Mindfulness, the practice of being present in this moment with openness and acceptance to what this moment offers, is becoming increasingly popular in our busy world. It is not actually a therapy in itself, but can be used for therapeutic purposes.
Mindfulness teaches us to adopt a new, non-judgemental, relationship with our thoughts and feelings. The analogy of the two arrows is helpful here. The first arrow is the pain we suffer, however we experience that. This is suffering enough, but the second arrow is the one we inadvertently deliver ourselves, through the judgements we make about the first arrow. So if we are experiencing depression as a result of a series of unhappinesses, say, that is hard enough; but if we then give ourselves a hard time about this reaction, perhaps reproaching ourselves and calling ourselves weak, we can suffer all the more. Double trouble. Mindfulness helps us to step back and take a more accepting approach to our physical, emotional and thinking processes .
Mindfulness can be taught in individual therapy, in which case it will be tailored to the needs of the individual. It can help with ruminations in depression and also with anxiety problems, in particular worry.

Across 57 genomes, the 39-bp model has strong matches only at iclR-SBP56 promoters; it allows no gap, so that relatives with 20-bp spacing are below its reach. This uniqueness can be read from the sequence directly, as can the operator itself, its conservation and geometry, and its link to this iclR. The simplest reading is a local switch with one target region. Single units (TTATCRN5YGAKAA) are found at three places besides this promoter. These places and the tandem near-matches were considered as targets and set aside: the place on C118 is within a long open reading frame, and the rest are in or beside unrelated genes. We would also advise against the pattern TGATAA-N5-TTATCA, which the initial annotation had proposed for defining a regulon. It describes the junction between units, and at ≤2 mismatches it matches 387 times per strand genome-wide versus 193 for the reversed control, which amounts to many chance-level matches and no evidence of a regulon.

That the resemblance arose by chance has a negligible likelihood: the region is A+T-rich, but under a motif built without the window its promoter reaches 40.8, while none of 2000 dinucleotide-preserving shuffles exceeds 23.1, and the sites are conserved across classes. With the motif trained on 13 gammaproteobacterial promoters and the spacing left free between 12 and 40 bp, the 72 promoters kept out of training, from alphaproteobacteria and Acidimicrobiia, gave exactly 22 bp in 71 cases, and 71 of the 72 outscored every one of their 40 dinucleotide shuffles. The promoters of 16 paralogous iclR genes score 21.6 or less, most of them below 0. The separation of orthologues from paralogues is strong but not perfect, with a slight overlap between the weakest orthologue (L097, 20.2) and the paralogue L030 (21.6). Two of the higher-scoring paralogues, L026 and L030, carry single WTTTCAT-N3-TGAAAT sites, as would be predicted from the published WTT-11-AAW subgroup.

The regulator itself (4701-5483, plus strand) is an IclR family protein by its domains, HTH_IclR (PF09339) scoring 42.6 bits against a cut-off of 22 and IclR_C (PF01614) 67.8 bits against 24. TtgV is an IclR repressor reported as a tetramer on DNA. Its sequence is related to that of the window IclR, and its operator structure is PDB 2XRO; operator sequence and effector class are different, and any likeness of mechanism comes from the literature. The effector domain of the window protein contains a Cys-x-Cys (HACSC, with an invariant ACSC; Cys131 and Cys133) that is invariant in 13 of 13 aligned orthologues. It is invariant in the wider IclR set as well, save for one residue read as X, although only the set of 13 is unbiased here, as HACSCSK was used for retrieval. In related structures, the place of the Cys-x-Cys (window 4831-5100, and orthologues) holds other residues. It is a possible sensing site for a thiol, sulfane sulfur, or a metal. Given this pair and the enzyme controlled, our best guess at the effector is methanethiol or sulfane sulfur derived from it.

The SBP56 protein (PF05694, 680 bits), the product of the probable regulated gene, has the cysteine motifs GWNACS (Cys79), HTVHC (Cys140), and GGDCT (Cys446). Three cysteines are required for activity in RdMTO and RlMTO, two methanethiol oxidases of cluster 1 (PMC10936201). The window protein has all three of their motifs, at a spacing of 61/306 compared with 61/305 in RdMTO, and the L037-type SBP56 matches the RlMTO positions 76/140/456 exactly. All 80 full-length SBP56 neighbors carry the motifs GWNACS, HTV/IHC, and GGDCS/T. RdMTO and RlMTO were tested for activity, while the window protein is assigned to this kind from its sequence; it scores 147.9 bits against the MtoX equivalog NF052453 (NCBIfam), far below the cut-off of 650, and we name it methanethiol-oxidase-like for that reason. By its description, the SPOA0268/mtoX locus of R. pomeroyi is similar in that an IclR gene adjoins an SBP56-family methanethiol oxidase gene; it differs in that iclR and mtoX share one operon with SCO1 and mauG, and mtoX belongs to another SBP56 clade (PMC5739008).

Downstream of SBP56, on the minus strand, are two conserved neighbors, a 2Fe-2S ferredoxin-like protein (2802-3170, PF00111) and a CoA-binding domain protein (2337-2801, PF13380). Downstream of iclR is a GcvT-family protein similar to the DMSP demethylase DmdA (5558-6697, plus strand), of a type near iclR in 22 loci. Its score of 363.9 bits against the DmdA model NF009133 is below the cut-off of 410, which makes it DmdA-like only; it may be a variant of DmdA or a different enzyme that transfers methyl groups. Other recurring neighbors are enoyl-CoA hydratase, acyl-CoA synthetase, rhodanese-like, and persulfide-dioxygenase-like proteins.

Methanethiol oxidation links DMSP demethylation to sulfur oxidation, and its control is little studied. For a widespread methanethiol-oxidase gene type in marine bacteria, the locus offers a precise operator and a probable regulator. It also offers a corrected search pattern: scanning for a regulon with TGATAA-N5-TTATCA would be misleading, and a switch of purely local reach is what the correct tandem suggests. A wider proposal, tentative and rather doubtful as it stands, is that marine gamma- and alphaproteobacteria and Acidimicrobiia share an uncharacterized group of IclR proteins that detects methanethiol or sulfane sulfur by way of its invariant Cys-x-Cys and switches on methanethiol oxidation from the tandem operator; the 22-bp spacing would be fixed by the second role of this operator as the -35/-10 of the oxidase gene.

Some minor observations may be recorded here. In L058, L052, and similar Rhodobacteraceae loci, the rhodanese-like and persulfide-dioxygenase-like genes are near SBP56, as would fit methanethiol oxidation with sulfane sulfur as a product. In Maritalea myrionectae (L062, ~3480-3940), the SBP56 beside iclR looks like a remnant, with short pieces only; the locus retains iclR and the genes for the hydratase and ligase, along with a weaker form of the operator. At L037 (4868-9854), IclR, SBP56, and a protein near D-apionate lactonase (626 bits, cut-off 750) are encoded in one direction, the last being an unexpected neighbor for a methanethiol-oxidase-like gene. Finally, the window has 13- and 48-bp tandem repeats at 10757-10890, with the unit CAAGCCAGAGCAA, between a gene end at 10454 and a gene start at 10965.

Mindfulness and CBT
Mindfulness can also be taught in classes. Jon Kabat-Zinn began this with his Mindfulness Based Stress Reductions (MBSR) classes which were shown to be helpful for people suffering with illness and pain. This was later adapted by Mark Williams, Zindal Segal and John Teasdale for Mindfulness Based Cognitive Therapy (MBCT). The adaptation was the inclusion of greater emphasis on mindfulness of thoughts and the importance of pro-wellbeing behaviours; in other words a fusion with aspects of CBT.
Many people are wary of joining groups or classes, but there are many reasons to do so. It can be very warming to meet other people who can identify with our distress, the stigma of having emotional problems is reduced in this way and groups can be supportive. Also, a key component of mindfulness is the learning of new thinking skills which can be done as well in a group, or sometimes better, than individually. Classes consist of learning a series of mindfulness practices, with any discussion being about the practice rather than our “stories”.
Mindfulness in Brighton and Hove
So, mindfulness can be a part of individual therapy or it can be taught in a class. If you are interested in a class in the Brighton and Hove area then the teachers at Mindful Health are good people to contact.
Below are a couple of mindfulness practices, one for letting go of work and the other for taking a different approach to night time wakefulness.
We can often get upset by wakefulness at night. This recording is not intended to aid sleep, rather the intention is to be with the experience of wakefulness in a calmer way, as best we can.
If you find it difficult to leave work behind you could have a go at this practice. You could try using it regularly so you get skilled at transitioning from working time to the next parts of your day.